Former Employee of Defunct Long Beach Company Pleads Guilty to Helping Defraud Taxpayers Out of $45M

A Los Angeles woman pleaded guilty Friday for her role in a fraud scheme perpetrated by a Long Beach-based company she worked for that exploited at-risk children and defrauded taxpayers out of more than $45 million in bogus billings submitted to a state program for substance abuse treatment services.

Carrenda Jeffery, 65, entered her plea to a federal health care fraud charge before U.S. District Judge Philip Gutierrez, who scheduled a sentencing hearing on Oct. 3. The charge against Jeffrey carries a maximum penalty of 10 years behind bars.

Authorities said Jeffery worked at the Long Beach-based Atlantic Health Services, formerly known as Atlantic Recovery Services (ARS). At ARS Jeffery managed counselors at three charter schools that were operated by Soledad Enrichment Action, a nonprofit, according to federal prosecutors.

Prosecutors said ARS was designed to exploit at-risk youth and defraud taxpayers, with Jeffery and other supervisors telling staffers to forge student signatures, falsify treatment records and enroll students who had no need for services.

The now-defunct ARS received more than $45 million from the state’s Drug Medi-Cal program after phony claims for group and individual substance counseling services were submitted during a 10-year period, according to a 40-count indictment returned in September by a Los Angeles federal grand jury against Jeffery and seven co-defendants.

In April 2013 the company shut down, when the state suspended payments to the enterprise.

The claims submitted to the Drug Medi-Cal program were false in part because ARS billed for services provided to students who did not have substance abuse disorders or addictions and therefore did not qualify to receive the services, according to the indictment.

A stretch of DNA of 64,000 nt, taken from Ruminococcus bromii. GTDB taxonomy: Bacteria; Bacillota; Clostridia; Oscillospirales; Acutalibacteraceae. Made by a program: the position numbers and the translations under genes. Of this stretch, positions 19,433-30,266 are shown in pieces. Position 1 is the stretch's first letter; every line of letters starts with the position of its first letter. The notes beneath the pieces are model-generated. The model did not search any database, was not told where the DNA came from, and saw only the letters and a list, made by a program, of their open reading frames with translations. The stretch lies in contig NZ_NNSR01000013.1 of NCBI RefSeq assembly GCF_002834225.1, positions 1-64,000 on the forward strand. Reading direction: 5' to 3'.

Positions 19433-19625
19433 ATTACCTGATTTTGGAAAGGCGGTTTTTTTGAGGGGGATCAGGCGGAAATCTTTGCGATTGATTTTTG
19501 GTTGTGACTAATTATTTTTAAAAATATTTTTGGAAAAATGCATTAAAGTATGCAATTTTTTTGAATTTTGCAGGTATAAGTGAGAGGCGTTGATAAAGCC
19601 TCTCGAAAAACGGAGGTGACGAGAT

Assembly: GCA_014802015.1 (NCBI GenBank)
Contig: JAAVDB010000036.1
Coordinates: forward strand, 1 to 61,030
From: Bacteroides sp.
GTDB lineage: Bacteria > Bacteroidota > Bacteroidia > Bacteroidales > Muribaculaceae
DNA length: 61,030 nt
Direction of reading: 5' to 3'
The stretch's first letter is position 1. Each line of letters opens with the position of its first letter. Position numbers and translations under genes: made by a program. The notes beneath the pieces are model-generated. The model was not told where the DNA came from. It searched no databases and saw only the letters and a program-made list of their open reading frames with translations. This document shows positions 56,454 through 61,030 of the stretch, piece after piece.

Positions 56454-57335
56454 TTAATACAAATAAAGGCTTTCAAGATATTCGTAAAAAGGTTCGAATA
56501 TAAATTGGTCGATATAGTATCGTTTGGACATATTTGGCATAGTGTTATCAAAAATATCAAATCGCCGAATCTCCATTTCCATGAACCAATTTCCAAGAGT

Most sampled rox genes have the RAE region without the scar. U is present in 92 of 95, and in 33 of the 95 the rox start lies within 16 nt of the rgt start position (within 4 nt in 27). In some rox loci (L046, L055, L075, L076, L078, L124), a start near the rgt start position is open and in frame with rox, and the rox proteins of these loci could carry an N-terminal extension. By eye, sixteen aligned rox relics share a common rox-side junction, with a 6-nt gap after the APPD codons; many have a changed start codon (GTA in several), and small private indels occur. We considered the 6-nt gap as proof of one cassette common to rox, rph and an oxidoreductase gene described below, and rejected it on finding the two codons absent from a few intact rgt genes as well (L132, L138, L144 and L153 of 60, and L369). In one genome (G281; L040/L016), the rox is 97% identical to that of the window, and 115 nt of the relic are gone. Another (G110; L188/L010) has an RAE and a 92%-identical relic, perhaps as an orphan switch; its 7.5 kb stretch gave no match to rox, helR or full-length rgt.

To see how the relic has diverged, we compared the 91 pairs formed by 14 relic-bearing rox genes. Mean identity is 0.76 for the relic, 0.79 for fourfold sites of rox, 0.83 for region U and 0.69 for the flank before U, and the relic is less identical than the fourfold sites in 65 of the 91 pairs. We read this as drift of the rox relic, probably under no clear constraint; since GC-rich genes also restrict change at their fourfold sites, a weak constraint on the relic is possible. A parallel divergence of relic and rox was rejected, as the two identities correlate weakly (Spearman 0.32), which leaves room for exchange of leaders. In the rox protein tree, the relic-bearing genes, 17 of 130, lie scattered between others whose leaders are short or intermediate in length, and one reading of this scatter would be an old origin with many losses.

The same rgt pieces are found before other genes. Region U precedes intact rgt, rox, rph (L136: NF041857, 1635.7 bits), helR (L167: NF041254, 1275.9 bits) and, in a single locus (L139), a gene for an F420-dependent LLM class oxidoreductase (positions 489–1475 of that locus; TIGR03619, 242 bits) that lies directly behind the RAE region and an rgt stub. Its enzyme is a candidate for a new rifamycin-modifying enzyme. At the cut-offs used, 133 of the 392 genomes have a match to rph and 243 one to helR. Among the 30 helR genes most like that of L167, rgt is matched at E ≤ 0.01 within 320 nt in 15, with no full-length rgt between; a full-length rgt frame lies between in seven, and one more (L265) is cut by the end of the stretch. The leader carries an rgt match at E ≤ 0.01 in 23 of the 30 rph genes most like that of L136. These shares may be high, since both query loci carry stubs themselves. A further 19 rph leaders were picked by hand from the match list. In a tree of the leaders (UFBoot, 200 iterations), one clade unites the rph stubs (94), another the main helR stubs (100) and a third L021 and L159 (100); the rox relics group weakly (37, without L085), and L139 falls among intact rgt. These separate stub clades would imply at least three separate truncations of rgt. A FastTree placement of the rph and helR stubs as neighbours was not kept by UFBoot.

Palmdale resident Angela Frances Micklo, who managed counselors at nine schools in Los Angeles County, previously pleaded guilty to health care fraud and will be sentenced in November.

Pico Rivera woman Maribel Navarro, who managed counselors at 10 schools in Los Angeles County, is set to enter a guilty plea in the case on Monday.

Lakewood resident Lori Renee Miller, who worked as an ARS program manager, and four others face trial before Gutierrez in August.

City News Service contributed to this report. 

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Stephanie Rivera is the immigration and diversity reporter for the Long Beach Post. Growing up as one of six kids in the working-class immigrant suburb of South Gate, she was taught the importance of civic engagement and to show compassion for others. After graduating from CSULB with a degree in journalism, Stephanie worked for Patch Latino and City News Service before coming to the Long Beach Post in 2015. An avid Harry Potter fan, Stephanie now lives in Bixby Knolls with her boyfriend and their bearded dragon, Austin.
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